Oh, Creighton pre-med graduate Paul Akre will be wearing a white coat this fall.
He’ll wrack his brain over organic compounds. He’ll wield sharp tools with precision. He’ll learn an age-old language. And though this won’t be an explicit part of his training he’ll no doubt consider the Hippocratic admonition to do no harm.
To food and diners, that is.
Akre, breaking from the pack of medical-school-bound biology majors, is heading to culinary school this fall.
This 22-year-old, who left home in Pewaukee, Wis., for four years at Creighton in part for its medical program, will take a one- to two-year to forever detour to explore the science of food.
No slouch, Akre is headed to Paris, to the crème de la crème of culinary schools: Le Cordon Bleu.
“I’ve always enjoyed cooking,” Akre said. “The kitchen has become a solace.”
Whether it will become his landing place is yet to be seen. Akre plans to take the Medical College Admission Test again before he leaves. He already took a practice Law School Admission Test. He figures the 10 months of culinary training and an internship or two in Paris kitchens will lead him to a more clear decision about his future.
It’s not unusual for college graduates to take a year off between undergraduate and professional school. Some places actually encourage it so prospective grad students can participate in public service programs.
Medical school is so competitive fewer than three of every 100 applicants to Creighton University’s School of Medicine were accepted for the 2010-11 class that taking a so-called “gap year” can help students who didn’t score well on the MCAT or otherwise need to round out their experience. Volunteer work, hobbies and personal interests can be an important part of a medical school application along with stellar grades and test scores.
Still, the drumbeat to start medical school is so strong and the years that follow many that most pre-med students who survive organic chemistry, the MCAT and medical school applications don’t wait.
Of about 100 pre-med students graduating each year, about two-thirds apply to go immediately to medical school, said Charles Austerberry, assistant professor of biology at Creighton.
About two-thirds of Creighton’s newly-graduated medical school applicants get in the first time they try and eventually 70 percent of them become admitted to American medical schools, he said. Some get in one year later and more get in two or more years after earning their bachelor’s degrees. This doesn’t count those who become physicians by going to osteopathic medical schools or to medical schools outside the U.S.
The time away can help applicants become stronger.
“The medical schools don’t seem to care how long it takes an applicant to prepare, they just care about the readiness of the applicant when she or he does apply,” he said.
Tricia Sharrar, Creighton’s associate vice president for academic affairs, commended Akre for taking time to make a conscientious decision, one she believes will benefit him in the long run.
“We talked about law, we talked about health, we talked about medicine,” Sharrar said. “He (realized) he would be working for the rest of his life. He started to think about what might make him happy and give him a challenge and, at the same time, open his eyes to a whole new world before buckling down.”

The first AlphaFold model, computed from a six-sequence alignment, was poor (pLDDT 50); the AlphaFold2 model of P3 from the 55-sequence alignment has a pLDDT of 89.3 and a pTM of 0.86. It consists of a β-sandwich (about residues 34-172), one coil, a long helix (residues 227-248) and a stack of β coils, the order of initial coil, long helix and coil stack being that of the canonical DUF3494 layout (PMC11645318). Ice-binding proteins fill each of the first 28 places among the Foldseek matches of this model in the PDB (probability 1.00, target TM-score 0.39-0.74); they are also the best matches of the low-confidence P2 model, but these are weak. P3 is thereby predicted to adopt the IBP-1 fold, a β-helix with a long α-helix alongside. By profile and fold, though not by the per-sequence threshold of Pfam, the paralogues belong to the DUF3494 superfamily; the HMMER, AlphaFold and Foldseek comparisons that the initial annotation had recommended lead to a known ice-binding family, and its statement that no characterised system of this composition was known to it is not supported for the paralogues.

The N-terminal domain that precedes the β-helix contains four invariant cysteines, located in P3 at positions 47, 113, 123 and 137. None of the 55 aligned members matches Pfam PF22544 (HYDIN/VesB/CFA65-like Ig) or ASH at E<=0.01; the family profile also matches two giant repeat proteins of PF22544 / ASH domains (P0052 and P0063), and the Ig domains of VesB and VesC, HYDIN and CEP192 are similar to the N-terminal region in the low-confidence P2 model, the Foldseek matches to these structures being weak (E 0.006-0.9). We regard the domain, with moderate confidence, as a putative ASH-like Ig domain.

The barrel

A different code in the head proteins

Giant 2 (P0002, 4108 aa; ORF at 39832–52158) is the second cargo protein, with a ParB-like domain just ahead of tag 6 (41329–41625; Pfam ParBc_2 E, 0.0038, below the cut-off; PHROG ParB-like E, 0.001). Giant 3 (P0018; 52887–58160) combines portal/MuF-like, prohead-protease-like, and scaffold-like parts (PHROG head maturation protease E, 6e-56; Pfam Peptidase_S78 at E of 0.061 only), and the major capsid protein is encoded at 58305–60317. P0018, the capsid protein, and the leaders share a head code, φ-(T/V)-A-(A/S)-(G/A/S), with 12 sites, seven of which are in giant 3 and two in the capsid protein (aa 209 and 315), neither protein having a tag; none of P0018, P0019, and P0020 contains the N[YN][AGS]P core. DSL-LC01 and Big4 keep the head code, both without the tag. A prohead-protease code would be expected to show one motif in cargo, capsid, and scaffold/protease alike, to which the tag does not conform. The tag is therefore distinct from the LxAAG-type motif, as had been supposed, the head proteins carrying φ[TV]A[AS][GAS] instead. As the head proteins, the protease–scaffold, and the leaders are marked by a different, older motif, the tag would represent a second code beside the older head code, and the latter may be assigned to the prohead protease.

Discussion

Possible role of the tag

The decision didn’t come lightly.
Akre bucked family tradition (his parents are Marquette graduates) and chose Creighton for its pre-med program, its science curriculum and its Catholic identity.
He’d always wanted to be a doctor, thinking as a child his pediatrician was lucky to have the job he did. And he did well in science classes. So he followed the pre-med route, majoring in something traditional (biology) and something not (French).
Like other pre-med juniors, Akre took the MCAT in 2009 but felt his score “was not entirely competitive” and figured he’d retake it and then apply. Meanwhile, he plugged into Creighton’s nascent pre-med advisory program a new effort that attempts to coalesce and build on the university’s existing medical school application help.
An outgoing, personable student, Akre led a student pro-life group, taught yoga, logged more than 150 hours as a shadow and volunteer at Creighton University Medical Center and donned the Billy Bluejay costume to play mascot at Creighton home games. When the rigors of college life became too much, he retreated to the same place to regroup: the kitchen. But not for beer and Ramen.
His snacks were three-egg omelets. His dinners, roast chicken, beef stew or salmon, tilapia or halibut.
The sounds of appliances humming and the knife chopping on a cutting board soothed him. He could channel his inner Food Network favorite hosts, Ina Garten and Giada De Laurentiis, and go nuts.
During his final year at Creighton, Akre searched his heart and landed in his gut.
He was decently proficient in French but really needed language immersion to nail it. His parents, while not quite understanding “my ability to let go” nevertheless supported his desire to learn at one of the top culinary schools, a detour that won’t be cheap. (Akre is budgeting about $60,000 for the year, including about $40,000 for tuition.).
He figures now is the time. He’s witnessed family members struggle with health and career and doesn’t want to be stuck or miserable.
“I’m just going to be open,” he said.
Now all he needs to do is send Le Cordon Bleu is his measurements for trousers, shoes, a chef’s hat and that white jacket.
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